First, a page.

LYNCHBURG, Va. (WSET) — Many Virginians have mixed opinions following Governor Northam's announcement on Monday on a move to legalize marijuana in the Commonwealth.
If the bill is passed, it would allow recreational marijuana for adults.
However, not all Virginians are on board with the potential legalization.
"It basically messes with your mind and so like doing that, you're not really in your full mindset to do any sort of activity," David Hopkins, a student in the area, said.
Hopkins said that he personally doesn't use marijuana, but he knows people who do.
"They think oh, just to relax, or focus," Hopkins said. "I'm just going to use this recreational drug when there's not very much safety behind it."
Noah Harman, on the other hand, is in favor of legalization, saying that it is not as harmful as some other things on the market.
"I think it's better than the two drugs we currently have legalized," Harman said. "In terms of tissue dependence of alcohol and the overly addictive chemicals inside cigarettes."
He said that he wants the market to remain focused on the benefits of marijuana, specifically CBD oil, versus seeing a switch to just the marijuana that gets you high.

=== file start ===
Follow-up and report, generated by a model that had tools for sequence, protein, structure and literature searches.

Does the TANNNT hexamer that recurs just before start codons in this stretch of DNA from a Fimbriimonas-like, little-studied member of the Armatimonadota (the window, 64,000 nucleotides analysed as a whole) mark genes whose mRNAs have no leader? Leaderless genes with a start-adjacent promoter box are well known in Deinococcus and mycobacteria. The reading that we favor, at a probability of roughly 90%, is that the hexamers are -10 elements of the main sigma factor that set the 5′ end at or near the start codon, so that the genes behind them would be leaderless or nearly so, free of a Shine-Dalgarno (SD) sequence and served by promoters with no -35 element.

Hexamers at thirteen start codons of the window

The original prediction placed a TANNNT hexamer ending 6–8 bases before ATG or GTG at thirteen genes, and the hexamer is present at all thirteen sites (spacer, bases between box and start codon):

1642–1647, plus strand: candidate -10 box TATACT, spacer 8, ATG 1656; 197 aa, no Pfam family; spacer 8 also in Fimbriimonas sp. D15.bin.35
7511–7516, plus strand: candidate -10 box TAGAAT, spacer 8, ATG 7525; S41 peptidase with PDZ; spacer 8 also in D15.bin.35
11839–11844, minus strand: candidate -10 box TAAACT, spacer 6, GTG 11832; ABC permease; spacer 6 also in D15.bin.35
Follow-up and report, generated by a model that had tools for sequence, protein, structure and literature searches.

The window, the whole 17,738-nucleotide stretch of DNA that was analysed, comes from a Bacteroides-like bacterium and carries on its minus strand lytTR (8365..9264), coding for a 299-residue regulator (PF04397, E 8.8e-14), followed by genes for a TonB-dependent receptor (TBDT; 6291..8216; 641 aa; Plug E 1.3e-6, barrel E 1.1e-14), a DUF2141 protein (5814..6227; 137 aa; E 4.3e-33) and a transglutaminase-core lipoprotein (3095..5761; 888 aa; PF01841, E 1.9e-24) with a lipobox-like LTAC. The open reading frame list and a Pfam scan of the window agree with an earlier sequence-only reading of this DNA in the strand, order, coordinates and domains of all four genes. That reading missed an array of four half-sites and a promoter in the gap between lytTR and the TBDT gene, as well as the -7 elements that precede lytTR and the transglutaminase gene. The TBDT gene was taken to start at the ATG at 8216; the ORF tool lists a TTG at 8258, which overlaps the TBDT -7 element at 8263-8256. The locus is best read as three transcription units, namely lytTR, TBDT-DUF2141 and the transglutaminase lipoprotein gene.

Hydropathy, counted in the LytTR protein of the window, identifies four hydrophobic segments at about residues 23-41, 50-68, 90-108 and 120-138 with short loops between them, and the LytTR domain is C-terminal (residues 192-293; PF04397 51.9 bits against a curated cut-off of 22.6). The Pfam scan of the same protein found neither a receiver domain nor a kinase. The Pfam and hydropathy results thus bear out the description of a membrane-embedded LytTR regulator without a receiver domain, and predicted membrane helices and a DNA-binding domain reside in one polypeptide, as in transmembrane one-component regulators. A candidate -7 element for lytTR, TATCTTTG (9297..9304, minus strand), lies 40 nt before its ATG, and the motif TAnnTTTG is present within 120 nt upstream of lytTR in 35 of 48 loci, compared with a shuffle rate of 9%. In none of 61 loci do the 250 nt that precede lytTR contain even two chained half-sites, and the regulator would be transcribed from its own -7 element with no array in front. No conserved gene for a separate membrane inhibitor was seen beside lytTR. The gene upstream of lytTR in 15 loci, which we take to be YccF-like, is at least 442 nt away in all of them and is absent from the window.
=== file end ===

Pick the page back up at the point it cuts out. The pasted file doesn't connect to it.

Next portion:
"I'd love to see good come from it and hopefully deter people from the other two," Harman said.
Northam said that the new legislation would need to address social and racial equality, public health and protections for youth before he'll sign it into law.
State Senator Mark Peake said that the simple possession of marijuana just got decriminalized on July 1, demoting the charge to a civil infraction. He said that Monday's announcement by Northam is a quick step to legislation without a lot of studies.
"We're going to have gambling and drugs and oh, look at all the tax revenue we're getting in by doing immoral things," Peake said. "We're losing our moral compass as a Commonwealth."
On the flip side, Delegate Christ Hurst said that the legalization of marijuana is long overdue due to its longstanding negative impact on Virginians who are minorities or of low income.
Northam said that he's working with lawmakers to finalize a proposed bill ahead of the 2021 session of the General Assembly, which convenes in January.